Author: Heather Dixon
Genre: Fairy Tale Re-Telling, Young Adult
Publisher: Greenwillow (29th March 2011)
Azalea is trapped.
Just when she should feel that everything is before her . . . beautiful gowns, dashing suitors, balls filled with dancing . . . it’s taken away. All of it.
The Keeper understands. He’s trapped, too, held for centuries within the walls of the palace. And so he extends an invitation.
Every night, Azalea and her eleven sisters may step through the enchanted passage in their room and dance in his silver forest.
But there is a cost.
The Keeper likes to keep things.
Azalea might not realize how tangled she is in his web until it is too late.
Rating: *** (3 stars)
In Entwined Heather Dixon re-tells the story of The Twelve Dancing Princesses by the Brothers Grimm. Dixon reimagines the story from the point of view of the eldest daughter, Azalea.
The Twelve Dancing Princesses is one of my favourite fairy tales. I can remember reading it as a child and falling in love with it. When I heard that Heather Dixon had written a re-telling of the story I had to get my hands on a copy. I really am glad that I did. The cover of the book is absolutely gorgeous. I love the use of the silver foil to create the leaves, and the fact that the cover is made up of greens and yellows.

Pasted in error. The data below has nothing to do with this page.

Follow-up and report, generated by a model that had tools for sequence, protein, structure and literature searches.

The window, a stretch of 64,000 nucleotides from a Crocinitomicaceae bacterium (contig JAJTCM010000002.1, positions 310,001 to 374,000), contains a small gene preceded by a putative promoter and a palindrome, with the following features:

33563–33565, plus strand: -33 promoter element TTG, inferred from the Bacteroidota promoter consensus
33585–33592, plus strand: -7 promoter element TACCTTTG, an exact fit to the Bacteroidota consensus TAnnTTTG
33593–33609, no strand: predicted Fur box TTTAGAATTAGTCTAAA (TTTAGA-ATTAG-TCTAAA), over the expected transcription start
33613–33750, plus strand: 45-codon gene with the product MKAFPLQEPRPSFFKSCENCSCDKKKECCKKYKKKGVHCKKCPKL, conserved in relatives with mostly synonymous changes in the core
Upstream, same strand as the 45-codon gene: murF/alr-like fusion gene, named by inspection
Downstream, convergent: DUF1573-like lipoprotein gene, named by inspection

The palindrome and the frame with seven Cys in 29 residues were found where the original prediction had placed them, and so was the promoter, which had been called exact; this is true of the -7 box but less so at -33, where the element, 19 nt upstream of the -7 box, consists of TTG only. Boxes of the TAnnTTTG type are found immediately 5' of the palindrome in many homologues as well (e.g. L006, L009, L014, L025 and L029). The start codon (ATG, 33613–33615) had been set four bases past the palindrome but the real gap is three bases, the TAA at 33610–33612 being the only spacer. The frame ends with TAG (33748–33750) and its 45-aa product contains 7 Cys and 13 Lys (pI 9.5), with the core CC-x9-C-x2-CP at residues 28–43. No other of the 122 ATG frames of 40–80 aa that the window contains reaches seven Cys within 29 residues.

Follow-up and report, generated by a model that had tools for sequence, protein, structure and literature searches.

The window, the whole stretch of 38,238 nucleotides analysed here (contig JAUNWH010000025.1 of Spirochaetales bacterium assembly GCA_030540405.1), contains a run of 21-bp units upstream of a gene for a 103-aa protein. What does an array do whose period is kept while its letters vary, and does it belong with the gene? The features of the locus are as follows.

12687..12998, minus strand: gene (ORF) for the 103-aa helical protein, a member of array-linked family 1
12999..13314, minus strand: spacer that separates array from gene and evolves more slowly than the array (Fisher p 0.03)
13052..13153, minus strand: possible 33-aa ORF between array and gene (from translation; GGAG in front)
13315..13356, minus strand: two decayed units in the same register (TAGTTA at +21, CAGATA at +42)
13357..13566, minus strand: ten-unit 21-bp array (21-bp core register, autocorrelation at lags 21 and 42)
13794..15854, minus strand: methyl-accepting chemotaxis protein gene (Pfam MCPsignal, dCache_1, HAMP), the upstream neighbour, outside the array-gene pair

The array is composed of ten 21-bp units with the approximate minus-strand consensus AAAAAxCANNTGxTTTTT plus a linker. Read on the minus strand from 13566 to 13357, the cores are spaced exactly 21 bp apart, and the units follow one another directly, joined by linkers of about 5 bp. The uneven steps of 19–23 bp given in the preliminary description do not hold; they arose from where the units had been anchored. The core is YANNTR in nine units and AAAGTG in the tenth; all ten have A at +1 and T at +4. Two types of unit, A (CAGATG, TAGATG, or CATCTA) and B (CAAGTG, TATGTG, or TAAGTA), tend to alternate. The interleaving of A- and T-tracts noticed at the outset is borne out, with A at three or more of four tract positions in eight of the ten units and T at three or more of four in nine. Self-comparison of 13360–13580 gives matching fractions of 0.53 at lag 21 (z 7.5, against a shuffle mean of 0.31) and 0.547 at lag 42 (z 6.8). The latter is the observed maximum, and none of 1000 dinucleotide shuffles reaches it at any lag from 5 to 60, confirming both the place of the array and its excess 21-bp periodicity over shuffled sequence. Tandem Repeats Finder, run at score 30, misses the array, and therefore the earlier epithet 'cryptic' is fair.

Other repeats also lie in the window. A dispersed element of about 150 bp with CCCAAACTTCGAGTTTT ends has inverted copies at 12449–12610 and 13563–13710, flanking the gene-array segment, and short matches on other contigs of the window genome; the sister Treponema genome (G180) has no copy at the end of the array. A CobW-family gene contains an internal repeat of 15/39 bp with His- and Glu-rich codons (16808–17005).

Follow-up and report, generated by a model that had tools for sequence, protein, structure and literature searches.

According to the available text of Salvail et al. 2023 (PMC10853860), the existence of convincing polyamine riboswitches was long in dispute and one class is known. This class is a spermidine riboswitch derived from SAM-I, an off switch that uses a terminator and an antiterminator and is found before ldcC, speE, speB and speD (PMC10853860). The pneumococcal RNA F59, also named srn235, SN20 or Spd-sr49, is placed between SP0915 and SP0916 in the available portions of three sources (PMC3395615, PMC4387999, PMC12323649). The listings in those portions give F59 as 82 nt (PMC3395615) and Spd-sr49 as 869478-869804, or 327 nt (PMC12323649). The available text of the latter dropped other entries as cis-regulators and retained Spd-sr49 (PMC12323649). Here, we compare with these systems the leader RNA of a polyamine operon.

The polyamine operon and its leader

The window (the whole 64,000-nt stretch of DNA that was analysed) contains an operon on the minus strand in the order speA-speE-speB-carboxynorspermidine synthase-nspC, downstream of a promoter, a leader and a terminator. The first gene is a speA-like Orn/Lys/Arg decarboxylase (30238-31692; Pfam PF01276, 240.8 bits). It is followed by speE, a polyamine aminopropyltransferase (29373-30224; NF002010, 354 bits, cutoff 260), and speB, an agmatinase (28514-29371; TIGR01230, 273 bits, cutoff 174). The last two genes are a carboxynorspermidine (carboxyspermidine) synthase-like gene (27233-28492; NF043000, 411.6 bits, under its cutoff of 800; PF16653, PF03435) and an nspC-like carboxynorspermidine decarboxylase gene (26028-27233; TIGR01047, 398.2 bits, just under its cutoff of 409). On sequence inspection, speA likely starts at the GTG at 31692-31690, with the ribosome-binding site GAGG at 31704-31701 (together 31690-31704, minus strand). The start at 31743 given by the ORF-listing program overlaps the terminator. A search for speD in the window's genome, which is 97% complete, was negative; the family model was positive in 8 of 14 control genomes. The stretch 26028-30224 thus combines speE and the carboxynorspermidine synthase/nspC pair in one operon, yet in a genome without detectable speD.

Entwined was a really good read. I enjoyed the fact that Dixon re-imagined the story from Azalea’s point of view. It was really interesting to see how and why the events of the story happen like they do. I also enjoyed the fact that all the sisters were named for the corresponding letter of the alphabet, so you have – Azalea, Bramble, Clover, Delphinium, Eve, etc. The book really focuses on the fortunes of Azalea, Bramble and Clover but the other sisters are important and don’t just disappear into the background, which I thought was good writing on Dixon’s part. There is a definite sense of closeness on the sisters’ part, which I really liked. Dixon also did a good job with writing the King and his relationship with his daughters – I liked the way it evolved, especially as Azalea began to understand him more.
The Keeper is a very creepy character. I think Dixon wrote him brilliantly because whilst there is a definite creep factor to him that increases as the story unfolds, there is something strangely compelling about him. In The Keeper Dixon has created a really interesting and complex character, and it’s really interesting to watch/read events unfold.
If you are a fan of fairy tales and of re-tellings of them then this is definitely a book you should check out. It stays pretty faithful to the original story, but there are enough differences to make it very feel like Dixon’s story.